IP Video Is The Answer
Nebraska medical center improves safety, cuts costs
- By Courtney Pedersen
- Jun 04, 2012
The Nebraska Medical Center is the largest healthcare facility
in the state, with 624 licensed beds. Administrators
wanted to improve the safety of the facility’s at-risk patients
who require 24/7 observation, while also reducing staff and
The Omaha-based medical center has reduced its overhead
by eliminating the majority of its one-on-one bedside observation
staff. There are a dozen monitoring stations located
throughout the center, and each station allows one or two technicians
to observe multiple patients simultaneously. In just the
first two months of being operational, a new video system installed
at the facility has streamlined the process for monitoring
patients and has saved NMC thousands of dollars.
Nebraska Medical Center
With nearly 5,000 employees and 1,000 physicians, NMC has numerous
departments that run the gamut from pediatrics to oncology
to bio-containment. The staff is responsible for patients of
all types, including some at-risk patients who need around-theclock
Until recently, when a patient required 24/7 observation, the
hospital placed a staff member in the room to keep an eye on
the patient. This was a standard practice for patients who, for
example, were on suicide watch, prone to violent outbursts or in a
critical state of health. Because it is typical for the medical center
to have two or three dozen patients in such condition on a given
day, the one-on-one-watch scenario put a strain on staffing costs.
Recently, the medical center partnered with authorized Milestone
partner Sentrixx Security Solutions to deploy 299 IQinVision
megapixel indoor day/night vandal IP domes and infrared units, as
well as monitoring stations running Milestone XProtect Enterprise
IP video surveillance software.
Maureen Goltl, an operations manager at NMC, was asked to
investigate video monitoring as an option to reduce the facility’s
overhead costs and improve safety.
“Our goal was to ensure patient safety and to reduce costs,”
Goltl said. “We have always had a population of patients who are
confused and agitated—patients who we are not comfortable leaving
alone in their rooms. It was necessary to staff those rooms for
round-the-clock observation. At a time where we needed to reduce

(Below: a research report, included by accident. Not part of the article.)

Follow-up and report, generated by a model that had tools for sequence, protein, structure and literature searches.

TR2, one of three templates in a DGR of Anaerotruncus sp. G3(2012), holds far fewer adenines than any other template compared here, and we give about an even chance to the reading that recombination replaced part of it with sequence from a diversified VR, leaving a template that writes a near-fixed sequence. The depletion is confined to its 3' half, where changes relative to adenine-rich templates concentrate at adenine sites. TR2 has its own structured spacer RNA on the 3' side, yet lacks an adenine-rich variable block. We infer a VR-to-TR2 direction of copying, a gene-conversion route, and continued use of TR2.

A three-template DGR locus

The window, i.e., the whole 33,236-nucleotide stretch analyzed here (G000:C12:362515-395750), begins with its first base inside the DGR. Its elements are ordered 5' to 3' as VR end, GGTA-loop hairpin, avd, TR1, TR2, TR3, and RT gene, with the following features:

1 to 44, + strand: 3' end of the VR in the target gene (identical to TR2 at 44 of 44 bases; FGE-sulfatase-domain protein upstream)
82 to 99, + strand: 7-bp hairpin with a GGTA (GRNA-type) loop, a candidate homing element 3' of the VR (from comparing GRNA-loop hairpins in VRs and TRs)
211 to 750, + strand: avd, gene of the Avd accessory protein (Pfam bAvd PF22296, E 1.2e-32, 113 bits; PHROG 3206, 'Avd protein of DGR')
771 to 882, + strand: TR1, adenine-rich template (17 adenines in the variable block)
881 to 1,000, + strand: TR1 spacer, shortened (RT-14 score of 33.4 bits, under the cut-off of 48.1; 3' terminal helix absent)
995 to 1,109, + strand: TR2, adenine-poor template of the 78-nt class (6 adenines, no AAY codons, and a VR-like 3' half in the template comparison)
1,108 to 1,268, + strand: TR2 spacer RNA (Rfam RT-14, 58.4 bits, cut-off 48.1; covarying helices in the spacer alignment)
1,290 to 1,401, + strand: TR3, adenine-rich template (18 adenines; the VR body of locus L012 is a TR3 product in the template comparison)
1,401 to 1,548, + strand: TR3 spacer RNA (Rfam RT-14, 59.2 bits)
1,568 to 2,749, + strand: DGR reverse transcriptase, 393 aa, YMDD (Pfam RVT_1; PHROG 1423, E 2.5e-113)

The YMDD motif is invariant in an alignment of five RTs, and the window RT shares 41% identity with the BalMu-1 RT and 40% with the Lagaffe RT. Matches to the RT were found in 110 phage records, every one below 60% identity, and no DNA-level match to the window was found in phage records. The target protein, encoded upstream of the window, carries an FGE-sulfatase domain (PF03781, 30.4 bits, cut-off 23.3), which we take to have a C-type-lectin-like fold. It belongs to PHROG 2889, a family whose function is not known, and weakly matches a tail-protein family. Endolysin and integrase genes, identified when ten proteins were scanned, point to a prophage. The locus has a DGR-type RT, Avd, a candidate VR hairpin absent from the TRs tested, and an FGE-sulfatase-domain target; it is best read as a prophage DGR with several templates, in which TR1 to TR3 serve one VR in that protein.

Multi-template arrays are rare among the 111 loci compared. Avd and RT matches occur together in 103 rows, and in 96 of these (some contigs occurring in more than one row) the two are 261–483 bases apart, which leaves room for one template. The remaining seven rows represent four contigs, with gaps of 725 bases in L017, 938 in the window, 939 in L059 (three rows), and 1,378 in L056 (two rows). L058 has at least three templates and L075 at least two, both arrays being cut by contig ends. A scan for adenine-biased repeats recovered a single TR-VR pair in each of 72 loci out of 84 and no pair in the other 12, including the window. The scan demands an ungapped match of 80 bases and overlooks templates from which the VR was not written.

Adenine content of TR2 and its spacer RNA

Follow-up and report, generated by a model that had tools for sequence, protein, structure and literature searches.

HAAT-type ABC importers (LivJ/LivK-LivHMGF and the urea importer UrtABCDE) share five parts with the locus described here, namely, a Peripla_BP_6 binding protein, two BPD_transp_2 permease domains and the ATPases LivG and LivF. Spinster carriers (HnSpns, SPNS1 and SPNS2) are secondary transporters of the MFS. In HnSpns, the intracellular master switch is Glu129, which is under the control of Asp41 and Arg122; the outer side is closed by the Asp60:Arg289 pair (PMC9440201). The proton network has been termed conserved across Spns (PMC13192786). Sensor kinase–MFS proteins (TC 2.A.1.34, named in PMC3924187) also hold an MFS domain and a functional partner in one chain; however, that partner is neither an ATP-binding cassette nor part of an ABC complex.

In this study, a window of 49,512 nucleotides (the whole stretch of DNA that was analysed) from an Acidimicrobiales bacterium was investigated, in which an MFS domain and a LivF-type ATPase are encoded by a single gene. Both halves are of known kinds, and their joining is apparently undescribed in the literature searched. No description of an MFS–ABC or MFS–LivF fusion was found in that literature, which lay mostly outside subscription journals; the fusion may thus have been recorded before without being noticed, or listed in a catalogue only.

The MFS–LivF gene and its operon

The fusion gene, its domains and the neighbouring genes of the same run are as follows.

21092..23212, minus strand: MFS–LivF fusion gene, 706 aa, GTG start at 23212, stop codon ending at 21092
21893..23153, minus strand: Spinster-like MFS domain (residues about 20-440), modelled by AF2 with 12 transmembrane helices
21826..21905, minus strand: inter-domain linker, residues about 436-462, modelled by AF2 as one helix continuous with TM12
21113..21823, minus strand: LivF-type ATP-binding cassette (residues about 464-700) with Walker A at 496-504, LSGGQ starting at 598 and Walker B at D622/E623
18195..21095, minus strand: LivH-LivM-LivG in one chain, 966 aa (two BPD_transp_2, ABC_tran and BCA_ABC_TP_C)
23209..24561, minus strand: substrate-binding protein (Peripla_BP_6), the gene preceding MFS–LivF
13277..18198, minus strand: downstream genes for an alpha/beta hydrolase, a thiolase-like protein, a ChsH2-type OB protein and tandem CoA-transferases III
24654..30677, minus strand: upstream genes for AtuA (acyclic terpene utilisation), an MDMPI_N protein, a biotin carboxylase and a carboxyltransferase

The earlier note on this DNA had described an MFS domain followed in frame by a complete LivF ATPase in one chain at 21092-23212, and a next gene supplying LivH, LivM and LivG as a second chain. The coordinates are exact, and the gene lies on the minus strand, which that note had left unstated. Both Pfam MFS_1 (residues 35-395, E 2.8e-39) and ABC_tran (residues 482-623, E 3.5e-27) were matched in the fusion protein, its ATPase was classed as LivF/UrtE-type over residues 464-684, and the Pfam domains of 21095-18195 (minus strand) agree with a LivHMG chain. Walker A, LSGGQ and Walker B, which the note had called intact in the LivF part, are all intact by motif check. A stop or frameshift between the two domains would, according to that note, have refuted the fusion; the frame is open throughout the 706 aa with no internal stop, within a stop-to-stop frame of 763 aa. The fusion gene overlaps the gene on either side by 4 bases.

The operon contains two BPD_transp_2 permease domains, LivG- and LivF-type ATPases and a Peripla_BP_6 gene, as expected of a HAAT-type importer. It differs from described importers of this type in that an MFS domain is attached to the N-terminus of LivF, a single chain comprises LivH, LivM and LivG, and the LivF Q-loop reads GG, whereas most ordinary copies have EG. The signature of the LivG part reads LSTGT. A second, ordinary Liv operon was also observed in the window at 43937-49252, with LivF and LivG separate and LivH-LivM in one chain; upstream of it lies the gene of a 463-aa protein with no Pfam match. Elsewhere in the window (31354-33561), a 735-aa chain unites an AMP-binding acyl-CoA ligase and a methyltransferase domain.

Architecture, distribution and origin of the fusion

our staffing, installing video monitoring cameras at almost every
bedside was the best option and helped a great deal.”
Goltl organized a large planning team, and by the fall—a mere
eight months later—the system was deployed and operational.
Partnering for Success
With the planning team weighing its options of possible vendors
on this project, it decided to work with Sentrixx, a vendor/partner
that had worked with medical facility officials already and had
a longstanding relationship. Over the years, Sentrixx, a division
of Control Services Inc., had provided building automation solutions,
intercoms, Hugs Infant Protection and other electronic
security devices to the hospital.
In 2009, Sentrixx installed 13 high-resolution Axis IP cameras
in NMC’s adult intensive care unit. These cameras were controlledVMS. They used this as a foundation for planning the new solution
they wanted to deploy.
“We had a set of business requirements,” Goltl said. “We
wanted fixed cameras. We did not want them to record. And we
needed to be able to see a patient at night, in the dark.”
Sentrixx provided a turnkey solution, which handled all the
installation of Dell servers, the cameras and the monitoring stations
“We ran every inch of wire,” said Phil Fenton, manager at
Sentrixx. “They had a timetable because they were able to trim a
significant amount of overhead dollars. We wanted to make sure
their installation deadline was met and that it provided a tested
and working system.”
Sentrixx installed the megapixel indoor day/night vandal IP dome
cameras that provide full, real-time video at 30 fps with a 720p
resolution. These are unobtrusive units that blend into the hospital’s
aesthetic, and they are vandal resistant. Along with each
camera, Sentrixx installed an infrared unit, which was placed separately
because current IP cameras with built-in infrared capabilities
did not offer the high-resolution capabilities required for this